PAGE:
Category Archives: Westerns

Jeremiah Johnson (1972), directed by Sydney Pollack

As a young father, vacations generally meant going to places like Disneyland or to resorts with a pool and kid-friendly activities. Once I became an empty nester, vacation destinations changed. National Parks were the place to visit. My first one was to Acadia National Park in Maine; and over a number of years, my wife and I visited many in the United States and Canada. Instead of going somewhere to be amused, we traveled far to contemplate and appreciate the beautiful world that God has given us. Spending time hiking, surveying breathtaking lookout points, and listening to the sounds of nature were rejuvenating. Which is why I greatly enjoyed a recent viewing of the Western classic, Jeremiah Johnson.

Jeremiah leaves civilization as he knows it and journeys to the mountains. He wants to become a mountain man, living away from the hustle-bustle and corruption of the busy city. He wants to be alone,  and to discover the beauties of nature first-hand. There is a parallel here to a famous story told about Rabbi Samson Raphael Hirsh, a 19th century leader of German Jewry and Bible commentator, who near the end of his life resolved to visit the French Alps. His students tried to convince him not to go because of the risk to his health, whereupon he told them:”When I come before God, I will have to answer for many things. But what will I tell Him when He asks me, ‘Have you seen My Alps?'”

This thirst to see all of God’s resplendent world is a Jewish sensibility. The Talmud (Yerushalmi Tractate Kiddushin) explains that in the future God will hold us responsible if we do not enjoy the beautiful things He created in this world. It is a good thing to go out and see the trees, the mountains, the rivers, lakes and oceans. Seeing them reinforces our belief and appreciation for God who created all of it.

However, there is a dark side to being a mountain man. “Do not separate from the community,” say our Sages. Jeremiah learns that a life of isolation can be dangerous and unforgiving, and that there is a price to pay for solitude. For example, he has no back-up when things go awry.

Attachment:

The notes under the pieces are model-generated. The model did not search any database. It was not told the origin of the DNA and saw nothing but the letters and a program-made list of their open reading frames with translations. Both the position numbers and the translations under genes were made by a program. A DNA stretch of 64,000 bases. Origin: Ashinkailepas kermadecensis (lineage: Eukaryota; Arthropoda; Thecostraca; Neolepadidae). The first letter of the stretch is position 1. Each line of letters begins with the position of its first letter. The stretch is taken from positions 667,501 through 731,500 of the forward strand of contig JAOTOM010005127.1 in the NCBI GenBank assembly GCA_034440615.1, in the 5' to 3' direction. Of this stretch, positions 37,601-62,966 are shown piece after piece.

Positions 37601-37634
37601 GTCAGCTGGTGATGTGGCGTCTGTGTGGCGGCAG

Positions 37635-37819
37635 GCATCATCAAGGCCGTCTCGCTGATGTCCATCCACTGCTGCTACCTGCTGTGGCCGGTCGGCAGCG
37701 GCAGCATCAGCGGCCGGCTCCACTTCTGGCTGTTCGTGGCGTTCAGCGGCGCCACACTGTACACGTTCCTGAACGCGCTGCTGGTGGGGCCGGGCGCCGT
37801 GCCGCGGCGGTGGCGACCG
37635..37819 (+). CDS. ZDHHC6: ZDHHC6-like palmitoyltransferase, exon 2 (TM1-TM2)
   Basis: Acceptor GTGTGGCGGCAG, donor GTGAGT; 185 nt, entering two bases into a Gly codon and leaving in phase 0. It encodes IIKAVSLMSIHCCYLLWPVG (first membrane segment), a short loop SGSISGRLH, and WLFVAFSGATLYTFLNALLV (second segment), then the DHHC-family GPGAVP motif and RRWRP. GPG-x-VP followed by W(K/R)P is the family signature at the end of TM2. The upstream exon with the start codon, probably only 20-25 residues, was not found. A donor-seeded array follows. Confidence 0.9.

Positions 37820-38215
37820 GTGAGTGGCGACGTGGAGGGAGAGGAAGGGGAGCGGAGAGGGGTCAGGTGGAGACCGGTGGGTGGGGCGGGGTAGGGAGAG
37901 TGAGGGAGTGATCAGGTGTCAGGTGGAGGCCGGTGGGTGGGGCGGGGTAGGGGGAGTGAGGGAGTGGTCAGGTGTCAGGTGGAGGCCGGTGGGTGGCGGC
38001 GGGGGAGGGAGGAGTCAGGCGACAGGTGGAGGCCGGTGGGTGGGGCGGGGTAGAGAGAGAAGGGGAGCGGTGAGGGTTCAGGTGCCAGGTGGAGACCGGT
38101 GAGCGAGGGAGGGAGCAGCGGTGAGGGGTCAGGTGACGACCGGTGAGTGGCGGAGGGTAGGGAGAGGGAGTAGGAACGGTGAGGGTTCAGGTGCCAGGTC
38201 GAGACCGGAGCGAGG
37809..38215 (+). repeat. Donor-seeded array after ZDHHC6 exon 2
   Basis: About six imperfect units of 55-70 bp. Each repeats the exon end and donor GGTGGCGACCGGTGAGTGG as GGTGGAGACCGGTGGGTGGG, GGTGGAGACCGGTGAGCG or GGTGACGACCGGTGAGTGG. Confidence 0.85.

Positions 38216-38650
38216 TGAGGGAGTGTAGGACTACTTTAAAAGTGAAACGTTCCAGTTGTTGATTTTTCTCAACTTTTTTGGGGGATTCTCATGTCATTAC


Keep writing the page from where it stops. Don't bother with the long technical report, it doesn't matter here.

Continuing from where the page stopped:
One incident, in particular, brings this lesson home. Having married an Indian woman and found a modicum of happiness in the wilderness, he is asked by the U.S. Calvary to lead a search party to bring food to a stranded wagon train. He is not anxious to leave his family, but he reluctantly agrees and leads them to the wagon train. Inwardly, however, he is agitated that the route takes him through a sacred Indian burial ground. The scene of traversing the burial ground is one that encapsulates both the allure and danger of nature. It is a grey day, snowing gently but relentlessly as the soldiers pass by skeletons of dead Indians, foreshadowing a tragedy that is to come.  It is an image of both beauty and dread.

Left alone in a vast wilderness with savages all around, Jeremiah is forced to defend himself on countless occasions in order to survive. The Hobbesian notion that life is nasty, brutish, and short finds expression in the harsh life of Jeremiah Johnson. But in spite of it all, he emerges not as a bitter or angry person, but as one content with his lot, understanding that life is filled with contradictions, with happiness and sadness, with beauty and ugliness. It is a mature sensibility, worthy of emulation.